How finance made the modern world possible

The ruins of Uruk, home to the earliest known records of transaction, such as the clay tablet pictured above centre

Finance academic William Goetzmann shows that by letting us move value backward and forward in time, finance has made the modern world possible.

By Saul Eslake

In what is now desert, 30km east of the Iraqi city of Samawa, lie the ruins of a Sumerian city called Uruk. In 3100 BCE, it was the largest settlement in its region, perhaps the largest city in the world. In this city, we find the earliest known forms of writing.

What is it that was written in these first documents? Records of who owed what to whom – 30 sheep, 20 jars of honey and so on. These were accounting records and financial contracts.

From them evolved numbers, necessary to record large quantities of items. These in turn provided the earliest building blocks for the development of mathematics. So, too, came writing, enabling the people of Uruk to produce the world’s first known literary work, The Epic of Gilgamesh.

These and other stories are recorded in finance academic William Goetzmann’s new book Money Changes Everything: How Finance Made Civilization Possible. The book contains much to interest those who want to learn more about the origins of money, those pieces of metal and paper which have long served as a means of exchange, or units of account, in most of the world’s cultures.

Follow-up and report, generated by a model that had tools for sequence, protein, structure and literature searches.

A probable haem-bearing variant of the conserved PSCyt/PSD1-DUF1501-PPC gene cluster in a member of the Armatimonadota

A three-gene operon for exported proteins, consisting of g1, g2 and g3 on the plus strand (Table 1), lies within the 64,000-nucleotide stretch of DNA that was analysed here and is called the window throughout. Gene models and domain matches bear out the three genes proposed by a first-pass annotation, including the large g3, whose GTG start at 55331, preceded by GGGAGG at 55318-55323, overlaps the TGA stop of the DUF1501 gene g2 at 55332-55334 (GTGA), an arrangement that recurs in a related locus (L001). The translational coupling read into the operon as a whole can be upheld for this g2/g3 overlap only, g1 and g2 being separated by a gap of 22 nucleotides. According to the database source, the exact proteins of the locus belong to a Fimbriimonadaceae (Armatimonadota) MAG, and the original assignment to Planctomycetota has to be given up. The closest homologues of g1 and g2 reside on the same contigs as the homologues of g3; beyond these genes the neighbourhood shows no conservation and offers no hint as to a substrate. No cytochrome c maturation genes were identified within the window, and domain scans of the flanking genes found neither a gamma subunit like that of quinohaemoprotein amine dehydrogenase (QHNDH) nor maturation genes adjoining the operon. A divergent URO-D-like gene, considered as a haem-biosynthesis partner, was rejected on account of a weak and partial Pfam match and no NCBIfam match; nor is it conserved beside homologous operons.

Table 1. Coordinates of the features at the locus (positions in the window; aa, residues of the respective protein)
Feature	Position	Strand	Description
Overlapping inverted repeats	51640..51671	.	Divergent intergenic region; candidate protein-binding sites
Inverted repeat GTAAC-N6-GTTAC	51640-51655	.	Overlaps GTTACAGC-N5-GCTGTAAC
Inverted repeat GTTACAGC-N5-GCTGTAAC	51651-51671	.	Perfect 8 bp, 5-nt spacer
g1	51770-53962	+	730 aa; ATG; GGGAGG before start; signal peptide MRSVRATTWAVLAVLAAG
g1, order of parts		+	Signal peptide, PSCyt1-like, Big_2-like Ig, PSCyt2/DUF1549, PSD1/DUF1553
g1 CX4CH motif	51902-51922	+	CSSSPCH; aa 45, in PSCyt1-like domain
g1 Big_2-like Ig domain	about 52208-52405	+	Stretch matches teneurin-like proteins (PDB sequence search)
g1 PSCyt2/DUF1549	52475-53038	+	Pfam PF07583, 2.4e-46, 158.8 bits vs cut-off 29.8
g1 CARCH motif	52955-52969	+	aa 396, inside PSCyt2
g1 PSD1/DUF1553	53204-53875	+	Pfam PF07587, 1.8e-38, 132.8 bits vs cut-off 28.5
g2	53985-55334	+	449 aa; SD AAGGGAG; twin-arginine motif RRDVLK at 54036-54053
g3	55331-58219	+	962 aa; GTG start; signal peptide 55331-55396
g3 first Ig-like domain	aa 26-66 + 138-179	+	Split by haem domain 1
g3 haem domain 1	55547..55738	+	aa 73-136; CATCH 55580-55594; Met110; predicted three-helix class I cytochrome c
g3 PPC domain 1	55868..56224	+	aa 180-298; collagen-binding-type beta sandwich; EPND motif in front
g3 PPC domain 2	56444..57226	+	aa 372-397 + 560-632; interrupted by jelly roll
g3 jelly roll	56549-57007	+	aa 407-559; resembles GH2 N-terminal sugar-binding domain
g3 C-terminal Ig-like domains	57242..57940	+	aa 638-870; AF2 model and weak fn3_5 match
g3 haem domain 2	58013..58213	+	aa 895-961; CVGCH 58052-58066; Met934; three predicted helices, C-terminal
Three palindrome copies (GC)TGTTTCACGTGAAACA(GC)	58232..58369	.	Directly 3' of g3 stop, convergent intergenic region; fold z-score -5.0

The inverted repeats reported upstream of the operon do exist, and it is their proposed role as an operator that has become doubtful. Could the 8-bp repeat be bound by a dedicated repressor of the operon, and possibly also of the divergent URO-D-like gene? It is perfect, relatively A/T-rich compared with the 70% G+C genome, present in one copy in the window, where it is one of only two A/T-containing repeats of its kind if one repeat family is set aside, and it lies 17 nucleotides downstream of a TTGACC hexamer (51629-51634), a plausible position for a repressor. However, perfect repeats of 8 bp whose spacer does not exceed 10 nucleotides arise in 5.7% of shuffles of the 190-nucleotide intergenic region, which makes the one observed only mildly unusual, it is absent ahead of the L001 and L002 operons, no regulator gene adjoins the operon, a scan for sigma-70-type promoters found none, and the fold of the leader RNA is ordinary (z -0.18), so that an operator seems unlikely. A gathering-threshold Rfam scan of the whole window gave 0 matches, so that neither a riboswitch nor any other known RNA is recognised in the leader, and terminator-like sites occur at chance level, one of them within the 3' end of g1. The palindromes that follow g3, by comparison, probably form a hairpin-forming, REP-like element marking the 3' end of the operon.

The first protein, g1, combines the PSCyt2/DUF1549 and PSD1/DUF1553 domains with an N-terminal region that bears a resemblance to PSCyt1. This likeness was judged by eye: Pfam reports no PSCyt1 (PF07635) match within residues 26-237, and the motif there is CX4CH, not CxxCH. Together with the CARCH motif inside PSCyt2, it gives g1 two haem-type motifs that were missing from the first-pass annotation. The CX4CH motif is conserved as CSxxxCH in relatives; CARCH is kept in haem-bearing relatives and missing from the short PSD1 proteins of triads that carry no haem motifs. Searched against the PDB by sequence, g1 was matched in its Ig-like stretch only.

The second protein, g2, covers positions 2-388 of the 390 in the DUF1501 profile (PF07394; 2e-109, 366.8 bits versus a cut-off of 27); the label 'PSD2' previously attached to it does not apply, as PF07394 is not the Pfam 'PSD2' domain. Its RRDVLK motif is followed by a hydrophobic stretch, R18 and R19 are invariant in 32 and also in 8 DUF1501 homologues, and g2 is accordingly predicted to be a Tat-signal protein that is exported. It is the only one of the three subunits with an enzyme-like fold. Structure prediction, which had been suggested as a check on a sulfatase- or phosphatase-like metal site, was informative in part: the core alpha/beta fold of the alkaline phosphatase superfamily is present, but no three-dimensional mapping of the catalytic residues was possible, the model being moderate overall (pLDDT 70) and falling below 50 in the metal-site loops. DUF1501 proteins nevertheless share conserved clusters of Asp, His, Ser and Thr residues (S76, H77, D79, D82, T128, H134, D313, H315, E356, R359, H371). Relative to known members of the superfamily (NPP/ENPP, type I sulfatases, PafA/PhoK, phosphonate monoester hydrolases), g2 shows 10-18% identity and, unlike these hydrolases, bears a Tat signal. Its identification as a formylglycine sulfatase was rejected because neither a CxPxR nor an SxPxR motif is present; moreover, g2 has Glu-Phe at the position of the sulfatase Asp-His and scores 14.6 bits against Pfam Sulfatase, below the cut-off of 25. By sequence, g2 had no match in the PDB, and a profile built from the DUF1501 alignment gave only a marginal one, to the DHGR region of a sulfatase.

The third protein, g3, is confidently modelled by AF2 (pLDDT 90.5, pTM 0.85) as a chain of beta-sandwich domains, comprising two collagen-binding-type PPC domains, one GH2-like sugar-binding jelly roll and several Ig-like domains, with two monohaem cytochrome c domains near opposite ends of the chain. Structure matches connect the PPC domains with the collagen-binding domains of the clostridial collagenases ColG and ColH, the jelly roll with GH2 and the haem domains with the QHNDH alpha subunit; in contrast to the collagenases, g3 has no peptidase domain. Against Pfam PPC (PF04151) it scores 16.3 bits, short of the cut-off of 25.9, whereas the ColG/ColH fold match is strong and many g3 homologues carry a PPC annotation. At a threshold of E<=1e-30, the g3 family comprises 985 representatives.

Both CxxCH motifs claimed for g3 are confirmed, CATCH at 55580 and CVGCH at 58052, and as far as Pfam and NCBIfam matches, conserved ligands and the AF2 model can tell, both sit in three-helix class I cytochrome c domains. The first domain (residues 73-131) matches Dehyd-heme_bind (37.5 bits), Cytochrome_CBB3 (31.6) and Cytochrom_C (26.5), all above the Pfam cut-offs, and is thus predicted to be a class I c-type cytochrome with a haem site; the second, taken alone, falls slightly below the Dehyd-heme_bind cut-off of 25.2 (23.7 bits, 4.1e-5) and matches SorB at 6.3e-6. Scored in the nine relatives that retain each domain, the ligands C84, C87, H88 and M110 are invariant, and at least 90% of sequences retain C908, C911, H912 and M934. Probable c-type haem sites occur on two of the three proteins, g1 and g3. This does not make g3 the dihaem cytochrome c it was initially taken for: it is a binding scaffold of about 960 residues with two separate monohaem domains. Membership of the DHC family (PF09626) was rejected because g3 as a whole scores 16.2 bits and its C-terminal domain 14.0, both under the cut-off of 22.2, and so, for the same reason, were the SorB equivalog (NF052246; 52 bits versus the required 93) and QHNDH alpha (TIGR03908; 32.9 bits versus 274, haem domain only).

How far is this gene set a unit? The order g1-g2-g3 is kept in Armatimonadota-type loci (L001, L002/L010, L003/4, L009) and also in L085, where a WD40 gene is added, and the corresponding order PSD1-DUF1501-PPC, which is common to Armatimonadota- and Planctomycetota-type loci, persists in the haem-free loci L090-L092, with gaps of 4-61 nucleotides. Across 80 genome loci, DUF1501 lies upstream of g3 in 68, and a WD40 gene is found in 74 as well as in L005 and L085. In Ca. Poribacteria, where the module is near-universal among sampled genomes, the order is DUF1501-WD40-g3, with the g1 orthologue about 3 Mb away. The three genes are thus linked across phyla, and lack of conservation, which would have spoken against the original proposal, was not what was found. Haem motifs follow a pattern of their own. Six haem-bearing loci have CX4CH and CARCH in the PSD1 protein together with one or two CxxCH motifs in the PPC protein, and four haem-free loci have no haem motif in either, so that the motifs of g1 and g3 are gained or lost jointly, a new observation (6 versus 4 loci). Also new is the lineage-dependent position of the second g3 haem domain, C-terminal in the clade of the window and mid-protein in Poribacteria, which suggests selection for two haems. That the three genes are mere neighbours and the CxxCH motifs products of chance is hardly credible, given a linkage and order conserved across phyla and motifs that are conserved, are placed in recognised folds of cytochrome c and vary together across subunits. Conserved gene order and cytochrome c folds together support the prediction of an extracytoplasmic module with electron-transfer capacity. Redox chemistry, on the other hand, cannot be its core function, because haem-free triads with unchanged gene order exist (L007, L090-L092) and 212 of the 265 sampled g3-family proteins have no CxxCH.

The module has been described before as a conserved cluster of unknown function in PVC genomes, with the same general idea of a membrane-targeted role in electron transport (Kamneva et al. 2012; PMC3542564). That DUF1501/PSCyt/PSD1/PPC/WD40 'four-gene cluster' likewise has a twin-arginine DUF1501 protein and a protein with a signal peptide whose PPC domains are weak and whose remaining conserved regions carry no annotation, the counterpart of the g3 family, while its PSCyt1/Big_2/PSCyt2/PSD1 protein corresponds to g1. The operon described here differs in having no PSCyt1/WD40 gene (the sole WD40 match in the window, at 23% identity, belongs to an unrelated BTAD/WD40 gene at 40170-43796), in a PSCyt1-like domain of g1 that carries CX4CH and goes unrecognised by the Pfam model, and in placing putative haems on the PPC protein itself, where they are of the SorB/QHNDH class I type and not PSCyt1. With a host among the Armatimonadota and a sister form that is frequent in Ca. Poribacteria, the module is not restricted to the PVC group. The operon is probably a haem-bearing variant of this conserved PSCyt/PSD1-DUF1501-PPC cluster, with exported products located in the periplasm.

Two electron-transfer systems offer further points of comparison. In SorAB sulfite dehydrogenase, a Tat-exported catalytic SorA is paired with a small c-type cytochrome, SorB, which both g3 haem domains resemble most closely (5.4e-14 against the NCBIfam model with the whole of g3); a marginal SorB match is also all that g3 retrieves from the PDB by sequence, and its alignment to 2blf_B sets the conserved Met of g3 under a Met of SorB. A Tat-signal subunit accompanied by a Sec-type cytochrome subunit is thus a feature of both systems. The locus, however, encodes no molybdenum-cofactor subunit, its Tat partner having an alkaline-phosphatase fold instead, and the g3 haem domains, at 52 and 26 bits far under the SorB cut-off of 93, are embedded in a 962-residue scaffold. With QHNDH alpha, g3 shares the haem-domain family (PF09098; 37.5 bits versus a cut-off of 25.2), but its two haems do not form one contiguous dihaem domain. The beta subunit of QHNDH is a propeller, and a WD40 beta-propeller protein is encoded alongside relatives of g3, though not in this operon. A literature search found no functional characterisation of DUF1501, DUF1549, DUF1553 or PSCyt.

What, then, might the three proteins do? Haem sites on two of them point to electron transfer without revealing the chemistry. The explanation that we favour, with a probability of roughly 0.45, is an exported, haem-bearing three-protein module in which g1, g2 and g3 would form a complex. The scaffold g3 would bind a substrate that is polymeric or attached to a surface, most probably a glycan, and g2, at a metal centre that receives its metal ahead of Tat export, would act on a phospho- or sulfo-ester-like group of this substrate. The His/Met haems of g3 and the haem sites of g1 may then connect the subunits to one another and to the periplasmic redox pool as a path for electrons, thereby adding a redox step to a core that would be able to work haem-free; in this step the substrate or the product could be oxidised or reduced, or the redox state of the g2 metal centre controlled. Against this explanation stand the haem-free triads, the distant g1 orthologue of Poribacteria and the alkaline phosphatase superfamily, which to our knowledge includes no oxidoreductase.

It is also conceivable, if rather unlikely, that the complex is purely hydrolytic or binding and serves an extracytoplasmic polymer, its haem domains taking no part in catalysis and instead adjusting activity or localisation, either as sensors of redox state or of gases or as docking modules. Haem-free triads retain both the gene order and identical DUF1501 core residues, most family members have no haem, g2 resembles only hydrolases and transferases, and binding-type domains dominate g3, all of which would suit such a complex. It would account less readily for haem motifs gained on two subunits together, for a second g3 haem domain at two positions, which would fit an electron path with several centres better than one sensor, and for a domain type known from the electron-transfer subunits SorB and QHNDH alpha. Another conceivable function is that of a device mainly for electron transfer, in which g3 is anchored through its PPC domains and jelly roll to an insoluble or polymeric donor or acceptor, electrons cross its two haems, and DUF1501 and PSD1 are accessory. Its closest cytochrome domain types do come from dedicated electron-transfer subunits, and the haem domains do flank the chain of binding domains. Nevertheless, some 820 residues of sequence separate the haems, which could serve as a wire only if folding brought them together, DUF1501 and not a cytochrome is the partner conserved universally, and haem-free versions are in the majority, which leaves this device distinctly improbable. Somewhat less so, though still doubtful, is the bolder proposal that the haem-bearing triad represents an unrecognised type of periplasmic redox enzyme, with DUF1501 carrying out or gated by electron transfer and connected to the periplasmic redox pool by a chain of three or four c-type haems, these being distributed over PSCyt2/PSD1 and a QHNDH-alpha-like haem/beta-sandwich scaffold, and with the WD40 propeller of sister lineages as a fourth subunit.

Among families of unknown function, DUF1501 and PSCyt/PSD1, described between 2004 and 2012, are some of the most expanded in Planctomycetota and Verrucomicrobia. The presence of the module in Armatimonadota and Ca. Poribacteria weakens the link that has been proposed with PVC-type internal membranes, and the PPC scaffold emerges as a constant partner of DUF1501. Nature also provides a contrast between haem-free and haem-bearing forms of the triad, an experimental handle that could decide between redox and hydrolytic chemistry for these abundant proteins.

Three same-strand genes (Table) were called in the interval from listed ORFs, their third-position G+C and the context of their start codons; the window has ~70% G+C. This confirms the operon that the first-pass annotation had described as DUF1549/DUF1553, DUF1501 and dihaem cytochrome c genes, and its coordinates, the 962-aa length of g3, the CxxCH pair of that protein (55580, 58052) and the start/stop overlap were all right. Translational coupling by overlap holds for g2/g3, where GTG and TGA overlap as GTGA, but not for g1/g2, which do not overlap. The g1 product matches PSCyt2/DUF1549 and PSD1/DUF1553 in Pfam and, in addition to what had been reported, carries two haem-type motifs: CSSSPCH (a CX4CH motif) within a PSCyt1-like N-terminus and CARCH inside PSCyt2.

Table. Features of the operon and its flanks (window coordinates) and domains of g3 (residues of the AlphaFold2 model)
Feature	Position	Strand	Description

In the main, however, it is a history of finance, which to Goetzmann is something very different. In his view, finance is a technology, an enabler. Without finance, society as we know it would not exist – or at least, would have evolved in very different ways.

Transmitting value

In Goetzmann’s telling, the principal purpose and achievement of finance has been to enable value to be transmitted through time. 

Without the capacity to make payments at different points in time from those at which income is received, humankind might never have evolved beyond a form of existence in which each family or household was entirely self-sufficient in everything it needed – in particular, food, clothing and shelter.

Urban societies could not have emerged in the way in which they began to – in Mesopotamia 5000 years ago and in China perhaps 4000 years ago – without some means whereby people could specialise in different activities.

For their differing specialities to keep them clothed and fed and housed, people needed a way to make exchanges. When they had more of what they produced than they needed for themselves at the time, they needed to swap it for things they needed but which were produced by others, at different times. Finance provided that.

"In Uruk, we find the earliest known forms of writing. These were accounting records ... from them evolved numbers."

Rulers and states could not have come into existence without some means of extracting tribute, or taxes, from subjects at intervals required by the former but not necessarily coinciding with the capacity of the latter. Finance provided that, too.